BWW Reviews: Bernstein's MASS at Penn State a Monumental Undertaking and a Giant Performance

By: Apr. 09, 2013
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Fifty years ago, the Pennsylvania State University opened its College of Arts and Architecture, which includes its various performing arts departments and its noted musical theatre program. A little over forty years ago - has it been that long? - Leonard Bernstein's MASS, commissioned by Jacqueline Kennedy, was first performed at the opening of the Kennedy Center in Washington, DC. It seems somehow fitting that the one, MASS, should be performed as part of the other, the College of Arts and Architecture's, golden anniversary, as it was on April 5 and 6, 2013 at the University's Eisenhower Theatre, directed by the University's Ted Christopher and conducted by Gerardo Edelstein. It is also comprehensive in including most of the disciplines of the College of Arts and Architecture in its production. (As well as, it seemed, most of the College, having over 300 participants on stage.)

It is delightful to realize that in forty years, MASS actually has not lost its power to shock an audience, even one whose members, unlike its opening night audience, know what to expect in a full staging. To begin with, what is MASS? Is it a drama, is it musical theatre, is it oratorio? It's frequently performed as oratorio when a full staging is difficult or impossible, but is not designed as one; perhaps Bernstein summed it up appropriately in its full title, MASS: A THEATRE PIECE FOR SINGERS, PLAYERS, AND DANCERS.

Singers there were in abundance in this production, which called for town and gown talents alike, with no fewer than four choirs involved (Concert Choir, Town and Gown, Essence of Joy, and the Children's Choir), and the entire Philharmonic Orchestra, along with the performers who made up the cast. The singers continued into the cast, particularly notably in the cases of the Celebrant, played by Jim Hogan, and the Child Acolyte, sung by Kevin Dolan. Hogan, about to debut in Philadelphia's Arden Theatre's A LITTLE NIGHT MUSIC, for which he seems perfectly cast, was an impressive Celebrant, transforming from the free-spirited singer of "A Simple Song" to priest to anger-filled demi-prophet before the eyes of cast and audience. Dolan is a talented young actor and singer who possesses the particular virtue, for actors his age, of being notable without upstaging other performers or drawing attention away from them.

Other than the controversy of determining what form of performance art MASS is, the work has always been shrouded in controversy. Before its initial performances in September, 1971, the Nixon administration went so far as to fear that the words of the Latin Mass would be re-scripted by Bernstein to include secret anti-war messages - the real reason that President Nixon did not attend the production (the stated one having been that his attendance would remove the proper attention from Jacqueline Kennedy). During the performance, in a fully-staged version, the audience must confront the hypocrisy of churchgoers (in this performance, demanding absolution from acts of domestic violence and drug dealing, depicted on stage around the altar), as well as confronting feelings regarding homosexuality and the Church, the nature of faith, and the loss of faith of the clergy as well as among members of the Church. Even the relatively unflappable in the audience at this performance may have blinked at the erotic dance of two parishioners on top of the altar, or, as always, at the Celebrant's prophetic rage that results in the destruction of the chalice in front of the people.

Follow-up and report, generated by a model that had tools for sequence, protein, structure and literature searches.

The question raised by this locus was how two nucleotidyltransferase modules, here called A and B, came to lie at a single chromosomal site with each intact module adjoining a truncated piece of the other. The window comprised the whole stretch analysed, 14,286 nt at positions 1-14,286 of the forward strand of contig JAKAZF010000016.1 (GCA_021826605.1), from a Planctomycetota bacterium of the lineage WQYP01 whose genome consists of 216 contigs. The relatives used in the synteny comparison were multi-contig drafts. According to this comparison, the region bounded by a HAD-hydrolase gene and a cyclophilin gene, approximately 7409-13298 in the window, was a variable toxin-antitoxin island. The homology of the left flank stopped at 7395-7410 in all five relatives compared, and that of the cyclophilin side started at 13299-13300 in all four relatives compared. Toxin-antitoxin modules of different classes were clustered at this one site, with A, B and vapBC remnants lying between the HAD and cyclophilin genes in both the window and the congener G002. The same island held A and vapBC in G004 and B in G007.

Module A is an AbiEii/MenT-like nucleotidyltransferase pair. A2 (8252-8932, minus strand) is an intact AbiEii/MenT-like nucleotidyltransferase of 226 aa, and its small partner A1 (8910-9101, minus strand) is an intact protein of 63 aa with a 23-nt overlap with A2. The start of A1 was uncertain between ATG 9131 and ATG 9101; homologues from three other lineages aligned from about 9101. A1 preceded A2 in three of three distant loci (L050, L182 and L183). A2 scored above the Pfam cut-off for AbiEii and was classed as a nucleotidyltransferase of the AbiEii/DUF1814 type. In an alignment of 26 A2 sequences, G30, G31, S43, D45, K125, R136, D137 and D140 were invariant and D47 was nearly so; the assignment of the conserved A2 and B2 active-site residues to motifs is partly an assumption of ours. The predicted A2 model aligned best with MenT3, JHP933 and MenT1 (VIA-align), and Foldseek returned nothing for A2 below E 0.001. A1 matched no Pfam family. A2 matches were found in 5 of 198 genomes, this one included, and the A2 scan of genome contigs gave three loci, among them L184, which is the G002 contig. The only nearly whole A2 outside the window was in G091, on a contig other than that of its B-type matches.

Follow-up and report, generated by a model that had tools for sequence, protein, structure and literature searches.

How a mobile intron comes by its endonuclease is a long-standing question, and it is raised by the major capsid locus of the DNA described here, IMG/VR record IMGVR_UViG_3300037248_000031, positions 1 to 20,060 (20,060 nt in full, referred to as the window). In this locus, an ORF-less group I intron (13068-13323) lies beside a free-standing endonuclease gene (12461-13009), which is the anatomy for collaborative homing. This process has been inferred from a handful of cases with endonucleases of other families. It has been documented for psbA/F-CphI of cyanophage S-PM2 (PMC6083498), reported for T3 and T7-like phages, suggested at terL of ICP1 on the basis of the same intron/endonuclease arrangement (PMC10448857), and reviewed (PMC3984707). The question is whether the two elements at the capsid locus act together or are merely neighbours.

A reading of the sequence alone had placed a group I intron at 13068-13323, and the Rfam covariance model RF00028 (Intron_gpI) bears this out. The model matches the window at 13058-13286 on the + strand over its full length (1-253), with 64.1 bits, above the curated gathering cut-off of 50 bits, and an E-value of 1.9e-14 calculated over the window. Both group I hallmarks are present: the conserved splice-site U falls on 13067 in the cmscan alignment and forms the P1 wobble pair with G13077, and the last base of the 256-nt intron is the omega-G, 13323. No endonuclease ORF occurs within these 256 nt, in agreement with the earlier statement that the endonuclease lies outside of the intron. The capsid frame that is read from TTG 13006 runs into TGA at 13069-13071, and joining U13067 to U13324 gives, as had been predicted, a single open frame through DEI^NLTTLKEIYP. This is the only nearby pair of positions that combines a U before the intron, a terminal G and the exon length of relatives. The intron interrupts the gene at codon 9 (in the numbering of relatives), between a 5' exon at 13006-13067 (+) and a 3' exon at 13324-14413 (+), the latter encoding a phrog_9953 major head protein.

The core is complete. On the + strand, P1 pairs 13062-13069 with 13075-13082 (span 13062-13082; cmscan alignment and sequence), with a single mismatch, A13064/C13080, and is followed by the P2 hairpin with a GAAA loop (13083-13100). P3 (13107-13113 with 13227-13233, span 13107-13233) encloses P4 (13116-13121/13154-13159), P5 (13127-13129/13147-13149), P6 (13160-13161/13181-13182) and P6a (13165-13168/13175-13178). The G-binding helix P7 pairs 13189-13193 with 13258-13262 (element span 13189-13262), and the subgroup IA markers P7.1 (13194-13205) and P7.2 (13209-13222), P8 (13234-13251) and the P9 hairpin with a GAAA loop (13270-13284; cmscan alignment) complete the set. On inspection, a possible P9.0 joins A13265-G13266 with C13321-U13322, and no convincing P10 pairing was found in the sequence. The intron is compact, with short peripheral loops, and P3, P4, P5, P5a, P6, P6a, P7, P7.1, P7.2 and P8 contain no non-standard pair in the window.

While perhaps lacking the utter musicality of the 1973 Yale University/Vienna Konzerthaus production (aired a number of times on PBS in the past) or the dramatic performance of Jubilant Sykes in the 2009 Baltimore and 2011 Adelaide productions (the 2009 Baltimore production's Naxos recording garnering a deserved Grammy nomination), this production was undoubtedly one of the finer full versions undertaken of this almost impossibly difficult work. Staging director Matthew K. Toronto and his assistants made the intricacies of navigating the placement and movement of over 300 performers on the stage (and even in the walls) look simple, and lighting designer Becky Heisler deserves praise for a use of both light and color that fit perfectly with the music on stage.

If there was any notable flaw to this production, it was, unfortunately, in sound. The Eisenhower is a cavernous space, and sound must be gauged carefully; especially in the group singing, much of the lyric was difficult if not impossible to follow, although the musical sound of the voices was quite clear. Had the singing been less muddied, the performance would have been even more triumphant. Nonetheless, this was still a substantial and notable performance of a now well-loved but incredibly difficult "theatre piece," and all involved should be proud of their involvement in this new staging.

Photo credit: Cody Goddard, Penn State

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